EV might start to make sense if we get charging points at work, and as a 2nd vehicle for my wife, so I think we will start looking at options later this year.
 

leedebs

Well-known Member
I guess it depends where you live - I'm out of the 30mph in our village in less than 1/2 mile then on National Speed Limit/50mph roads on most of our long journeys. If I had a longer urban drag to begin with it might work out differently.
I have on occasion left our house near Norwich and not had to come to a stop until I turned off the North Circular once I'm out of the village the lowest speed limit on that stretch is 50mph.

The GTE in hybrid from start will run fully electric up to about 40mph then start the engine and use them both as best suits.

I appreciate that I have a full petrol engine and power train to maintain but at £240 for the last service vs. many, many thousands more for an EV with the range I need a few times a year it make sense for me at the moment.
My only issue is I've always tended to be light on the brakes, with regen and an eye on economy most of the time I have to remind myself to really use them once in a while to clean the rust off the rear discs ;)
Majority of my journeys I can use electric range (40 miles in summer) for the odd longer journeys it makes sense to use electric when able (slow speeds or traffic etc) & hybrid (petrol/electric) for faster main roads etc. Not sure I get why people don't like the plug in hybrid as for me it works brilliantly & of course you can buy them second hand & not as costly as a full ev. Cost for a full ev with the range & capability needed, I cannot afford. I imagine it would be the same for a lot of people
 

Wardy257

Well-known Member
The point is, the computer buffers the idiots from directly controlling the engine, what the idiots are controlling is the speed, and the computer decided where to draw the power from to provide that.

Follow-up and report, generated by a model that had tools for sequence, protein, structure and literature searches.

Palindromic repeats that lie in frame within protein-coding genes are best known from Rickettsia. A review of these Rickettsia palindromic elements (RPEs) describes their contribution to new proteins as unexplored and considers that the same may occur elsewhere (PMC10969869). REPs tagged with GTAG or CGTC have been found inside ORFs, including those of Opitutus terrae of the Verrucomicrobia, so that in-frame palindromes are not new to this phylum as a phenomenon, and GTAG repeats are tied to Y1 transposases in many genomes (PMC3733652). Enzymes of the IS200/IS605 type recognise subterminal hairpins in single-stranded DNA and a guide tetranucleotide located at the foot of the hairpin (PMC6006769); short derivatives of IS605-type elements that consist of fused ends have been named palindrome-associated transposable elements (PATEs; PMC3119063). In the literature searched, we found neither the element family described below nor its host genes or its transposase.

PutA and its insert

There's a reason Toyota's hybrid model is one of the most reliable used cars.
Nothing to do with Toyotas being mainly being driven by pensioners then?
 

IronGiant

Moderator
Year 2 service for our MG today. New brake fluid and an air con service needed :eek:. And to rub salt in the wound, there's irreparable damage to one of the rear tyres causing a slow puncture. :(
 

noiseboy72

Distinguished Member
Year 2 service for our MG today. New brake fluid and an air con service needed :eek:. And to rub salt in the wound, there's irreparable damage to one of the rear tyres causing a slow puncture. :(
I would challenge both of the "service" items and get a 2nd opinion on the tyre. Brake fluid should be changed every 3 years or 45k miles, so there's no need to change it yet.

Aircon service? Does the aircon work as it should? If so, other than cleaning out the filter and doing a 10 second pressure check, there's very little else to do.

With the tyre, find a good indie and ask them to check. Most slow punctures are caused by leaking valves, electrolytic corrosion where the alloy and metal valve stem meet (on cars with tyre pressure sensors), penetration damage or muck under the rim. It's only penetration damage near the edge of the tyre that cannot be repaired.
 
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IronGiant

Moderator
Aircon service? Does the aircon work as it should? If so, other than cleaning out the filter and doing a 10 second pressure check, there's very little else to do.
I'm no expert but don't some EV's use the aircon to keep the batteries cool? Which requires a "special" sort of air con fluid, which might need changing regularly? The car is with an MG dealer so presumably they are following a prescribed service schedule?
 

noiseboy72

Distinguished Member
I'm no expert but don't some EV's use the aircon to keep the batteries cool? Which requires a "special" sort of air con fluid, which might need changing regularly? The car is with an MG dealer so presumably they are following a prescribed service schedule?
There can certainly be battery cooling, is that what's being talked about?

There's a genuine concern in the motor industry that EVs need much less in the way of servicing, so it's quite likely that service items will be "invented" to keep the work coming in.